International representatives from Lutheran churches around the globe gather and worship at the historic St. Mary’s church in Wittenberg, May 6. Church leaders from 41 countries representing 23 million Lutherans are in Wittenberg for the Conference on Confessional Leadership in the 21st Century, May 6-7. (LCMS Communications/Erik M. Lunsford)

NOTE: Just over five years ago, in June of 2010, a group of 25 leaders representing a dozen Lutheran churches from around the globe met on the campus of Concordia Theological Seminary in Fort Wayne, Indiana, for what was described as a “Confessional Leadership Conference” sponsored by the Commission on Theology and Church Relations (CTCR) of the LCMS. This genesis of this conference was a resolution (3-03) adopted by the 2007 convention of the LCMS.

This resolution

• rejoiced that “the LCMS has been richly blessed with theological resources including two outstanding seminaries and a rich heritage and history of being confessionally strong,” and that “the LCMS is blessed to work with other confessional Lutheran churches around the world”;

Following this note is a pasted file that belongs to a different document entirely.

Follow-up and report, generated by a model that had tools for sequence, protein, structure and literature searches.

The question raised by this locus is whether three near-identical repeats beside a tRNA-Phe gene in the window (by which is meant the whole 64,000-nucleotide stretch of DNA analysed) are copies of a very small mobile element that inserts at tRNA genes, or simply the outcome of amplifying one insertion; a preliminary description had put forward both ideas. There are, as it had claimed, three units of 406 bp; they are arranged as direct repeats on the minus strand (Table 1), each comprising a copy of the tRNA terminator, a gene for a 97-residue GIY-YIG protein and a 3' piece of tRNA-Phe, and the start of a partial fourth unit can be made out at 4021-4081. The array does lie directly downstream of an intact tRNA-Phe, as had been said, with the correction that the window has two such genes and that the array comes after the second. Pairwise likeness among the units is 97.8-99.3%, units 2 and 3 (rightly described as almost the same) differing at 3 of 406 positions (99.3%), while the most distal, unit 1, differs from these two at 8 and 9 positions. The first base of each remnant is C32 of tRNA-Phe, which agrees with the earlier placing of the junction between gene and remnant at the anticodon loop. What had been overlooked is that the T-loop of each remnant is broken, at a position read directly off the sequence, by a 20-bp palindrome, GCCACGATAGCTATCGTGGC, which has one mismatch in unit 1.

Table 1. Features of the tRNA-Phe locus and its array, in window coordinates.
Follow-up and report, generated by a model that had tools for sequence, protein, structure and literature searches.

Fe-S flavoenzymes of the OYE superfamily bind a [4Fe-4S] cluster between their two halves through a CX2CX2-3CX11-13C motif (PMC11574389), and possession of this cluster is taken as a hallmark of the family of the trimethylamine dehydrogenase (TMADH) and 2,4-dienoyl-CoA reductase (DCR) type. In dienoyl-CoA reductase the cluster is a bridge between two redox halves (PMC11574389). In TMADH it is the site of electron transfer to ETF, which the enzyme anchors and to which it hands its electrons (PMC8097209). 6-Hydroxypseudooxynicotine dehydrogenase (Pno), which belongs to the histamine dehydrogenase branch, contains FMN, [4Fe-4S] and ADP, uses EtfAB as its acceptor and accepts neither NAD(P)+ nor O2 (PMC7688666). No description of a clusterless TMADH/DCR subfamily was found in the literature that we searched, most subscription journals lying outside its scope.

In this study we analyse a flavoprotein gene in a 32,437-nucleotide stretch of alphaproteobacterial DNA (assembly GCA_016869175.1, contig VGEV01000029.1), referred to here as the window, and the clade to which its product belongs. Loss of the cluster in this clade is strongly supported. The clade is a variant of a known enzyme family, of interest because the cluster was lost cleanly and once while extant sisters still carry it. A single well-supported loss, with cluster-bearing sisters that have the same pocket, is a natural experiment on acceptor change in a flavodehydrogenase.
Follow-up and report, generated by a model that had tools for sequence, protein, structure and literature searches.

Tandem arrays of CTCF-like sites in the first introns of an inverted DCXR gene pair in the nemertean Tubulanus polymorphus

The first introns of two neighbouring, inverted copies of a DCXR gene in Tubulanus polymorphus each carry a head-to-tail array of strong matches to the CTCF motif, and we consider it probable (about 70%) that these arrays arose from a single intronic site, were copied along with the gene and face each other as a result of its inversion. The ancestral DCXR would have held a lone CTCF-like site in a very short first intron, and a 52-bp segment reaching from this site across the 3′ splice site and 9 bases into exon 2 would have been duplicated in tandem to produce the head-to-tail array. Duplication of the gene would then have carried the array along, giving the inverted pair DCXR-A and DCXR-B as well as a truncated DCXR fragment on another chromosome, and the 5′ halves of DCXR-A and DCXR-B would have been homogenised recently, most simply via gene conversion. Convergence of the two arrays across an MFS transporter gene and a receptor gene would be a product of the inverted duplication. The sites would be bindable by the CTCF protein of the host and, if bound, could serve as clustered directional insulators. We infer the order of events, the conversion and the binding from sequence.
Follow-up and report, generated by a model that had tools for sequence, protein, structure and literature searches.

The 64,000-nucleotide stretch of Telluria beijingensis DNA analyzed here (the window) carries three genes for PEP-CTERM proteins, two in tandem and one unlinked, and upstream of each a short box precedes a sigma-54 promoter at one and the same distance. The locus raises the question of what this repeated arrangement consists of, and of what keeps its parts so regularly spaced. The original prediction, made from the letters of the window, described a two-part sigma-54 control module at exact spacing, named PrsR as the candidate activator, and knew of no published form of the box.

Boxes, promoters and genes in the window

• urged “the CTCR, in consultation with the Office of the President and our seminaries, [to] coordinate fundamentally constructive and intentionally supportive efforts such as theological symposia [and] conferences … to uphold and nurture confessional Lutheranism”; and • asked that “members of partner churches, members of the ILC, as well as other church bodies and individuals be invited to participate” in these events for the purpose of “furthering and nurturing confessional Lutheran theology at home and abroad.”